I picked up a copy of Waterstone's magazine today (issue 29, 2008), which is free if you have a Waterstone's card or spend some threshold sum on books, otherwise £2.50. (Same as a copy of Nature for a student in Malaysia, I found out yesterday, but I digress.) I always enjoy reading this magazine, but this issue is particularly relevant, as it is a "Crime special", focused on the upcoming Harrogate festival (which I'm attending, by the way).
The main article is by Simon Kernick, chair of this year's programming committee. He writes about how the differences between American and British crime fiction are becoming less pronounced, in this genre which is "constantly reinventing itself" (don't ask me what that means). After discussing the crime-fiction staples of hard-boiled (noir), "cosy" and police procedurals, he highlights two particular trends in recent years, that of the serial killer book, kicked off by Thomas Harris's (excellent, in my opinion) Red Dragon and his even more commercially successful, but less good, Silence of the Lambs, in which the author's fascination with the gruesome began to get the better of him. Although this "phenomenon" started in the USA, it quickly spread to the UK, with Val McDermid and Mo Hayder cited as having made "memorable and highly successful use of serial killers in their novels".
The second trend, and one of more interest to me, is the "suburban" thriller. Simon Kernick writes about Harlan Coben, previously a writer of the Myron Bolitar sports-agent series, who had a major breakthrough with a stand-alone, Tell No One (now an excellent French film out on DVD, which I highly recommend), and which stimulated this corner of the oeuvre. Simon Kernick is particularly interested in domestic crime about ordinary people whose lives spiral out of control, as he writes it (Relentless). He also refers to Jeff Abbott, whom I haven't (yet) read, as the "new kid on the ordinary-guy-in-trouble block". One book he doesn't mention in this subgenre is Linwood Barclay's No Time for Goodbye, which has just been chosen for a Richard and Judy summer read. Douglas Kennedy's first two novels were superb examples, and Mary Higgins Clark, of course, has been churning these out for years.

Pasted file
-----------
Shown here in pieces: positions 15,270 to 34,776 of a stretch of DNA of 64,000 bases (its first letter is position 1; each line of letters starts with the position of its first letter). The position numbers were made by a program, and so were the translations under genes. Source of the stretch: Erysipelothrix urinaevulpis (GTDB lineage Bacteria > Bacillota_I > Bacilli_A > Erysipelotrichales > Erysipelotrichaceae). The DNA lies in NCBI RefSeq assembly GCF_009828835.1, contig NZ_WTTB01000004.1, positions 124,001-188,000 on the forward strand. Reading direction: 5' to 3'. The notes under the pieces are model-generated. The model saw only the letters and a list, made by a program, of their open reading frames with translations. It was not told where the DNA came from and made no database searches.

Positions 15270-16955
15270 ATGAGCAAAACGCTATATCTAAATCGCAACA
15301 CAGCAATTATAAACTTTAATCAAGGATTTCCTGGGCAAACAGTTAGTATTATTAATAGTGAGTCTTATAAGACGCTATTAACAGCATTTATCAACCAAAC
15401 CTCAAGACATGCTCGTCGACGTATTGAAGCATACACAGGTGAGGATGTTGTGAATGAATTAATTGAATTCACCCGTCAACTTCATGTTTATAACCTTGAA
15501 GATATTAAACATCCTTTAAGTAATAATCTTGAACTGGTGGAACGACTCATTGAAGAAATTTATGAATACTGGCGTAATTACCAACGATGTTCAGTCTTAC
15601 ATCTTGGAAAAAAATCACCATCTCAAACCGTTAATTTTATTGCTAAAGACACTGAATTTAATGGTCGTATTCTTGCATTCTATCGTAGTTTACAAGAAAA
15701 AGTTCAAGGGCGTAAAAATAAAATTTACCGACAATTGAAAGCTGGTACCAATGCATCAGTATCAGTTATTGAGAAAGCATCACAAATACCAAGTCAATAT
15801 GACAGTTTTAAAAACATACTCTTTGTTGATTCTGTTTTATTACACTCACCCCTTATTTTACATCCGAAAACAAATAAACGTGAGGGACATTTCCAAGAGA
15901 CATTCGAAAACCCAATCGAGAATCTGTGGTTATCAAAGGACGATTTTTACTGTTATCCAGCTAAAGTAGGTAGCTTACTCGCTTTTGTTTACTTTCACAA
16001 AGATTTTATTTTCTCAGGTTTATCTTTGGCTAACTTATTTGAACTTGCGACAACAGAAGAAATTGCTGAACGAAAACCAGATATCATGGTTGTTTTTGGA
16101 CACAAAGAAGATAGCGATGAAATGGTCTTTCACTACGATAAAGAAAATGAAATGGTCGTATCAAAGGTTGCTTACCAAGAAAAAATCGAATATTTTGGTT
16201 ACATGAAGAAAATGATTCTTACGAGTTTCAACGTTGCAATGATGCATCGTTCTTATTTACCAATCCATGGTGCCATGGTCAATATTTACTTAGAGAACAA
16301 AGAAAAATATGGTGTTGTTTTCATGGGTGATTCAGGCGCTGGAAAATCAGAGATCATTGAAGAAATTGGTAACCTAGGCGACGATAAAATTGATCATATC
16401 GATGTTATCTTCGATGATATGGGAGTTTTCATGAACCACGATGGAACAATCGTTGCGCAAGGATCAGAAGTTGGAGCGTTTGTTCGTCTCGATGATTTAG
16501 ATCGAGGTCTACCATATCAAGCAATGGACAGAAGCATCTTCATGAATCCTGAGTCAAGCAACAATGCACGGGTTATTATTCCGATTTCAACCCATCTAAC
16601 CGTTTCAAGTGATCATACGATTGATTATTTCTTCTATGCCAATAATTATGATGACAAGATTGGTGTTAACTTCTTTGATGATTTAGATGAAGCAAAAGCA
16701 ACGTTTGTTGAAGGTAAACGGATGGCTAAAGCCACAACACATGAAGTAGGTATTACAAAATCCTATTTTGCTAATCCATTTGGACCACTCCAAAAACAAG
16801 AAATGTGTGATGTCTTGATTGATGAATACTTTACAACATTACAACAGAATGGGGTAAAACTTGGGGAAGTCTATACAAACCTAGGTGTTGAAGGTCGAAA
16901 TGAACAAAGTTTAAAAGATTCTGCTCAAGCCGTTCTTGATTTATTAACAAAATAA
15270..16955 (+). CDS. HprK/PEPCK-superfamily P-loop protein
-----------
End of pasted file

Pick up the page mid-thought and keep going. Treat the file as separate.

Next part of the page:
After this main article, several novelists who will be attending Harrogate are interrogated on the subject: Stuart MacBride, Val McDermid, Mark Billingham, Robert Crais, Thomas H Cook and others are asked questions such as "What's the biggest difference between British and American crime novels?", and whether Britain is perceived as "home of cosy" and the US "more guns".
Unfortunately the article misses out mainland European authors (some of whom will also be attending Harrogate, I'm pleased to say). But never mind, it is a stimulating magazine, well-written and engaging, also featuring mini-reviews of new work by Andrea Maria Schenkel (The murder farm), Kate Atkinson (When will there be good news?), Irvine Walsh (Crime), Elizabeth George (Careless in red), and others.
Oh, and there is a lot of non-crime fiction too, including the news that Keira Knightley is not only playing an unrealistically thin Vera Philips with the equally unrealistically thin Sienna Miller as Caitlin Thomas in The Edge of Love (a movie based on Love Letters of Dylan Thomas), but she's also due to appear in The Duchess, based on the book by Amanda Foreman. It's about Georgiana, Duchess of Devonshire, who was a "rich and beautiful woman trapped by her fame and class in a loveless marriage to the Duke (Ralph Fiennes) , but desperately seeks true love. Georgiana rebels and falls for the Whig politician Charles, second Earl Grey, but fate is not so simple".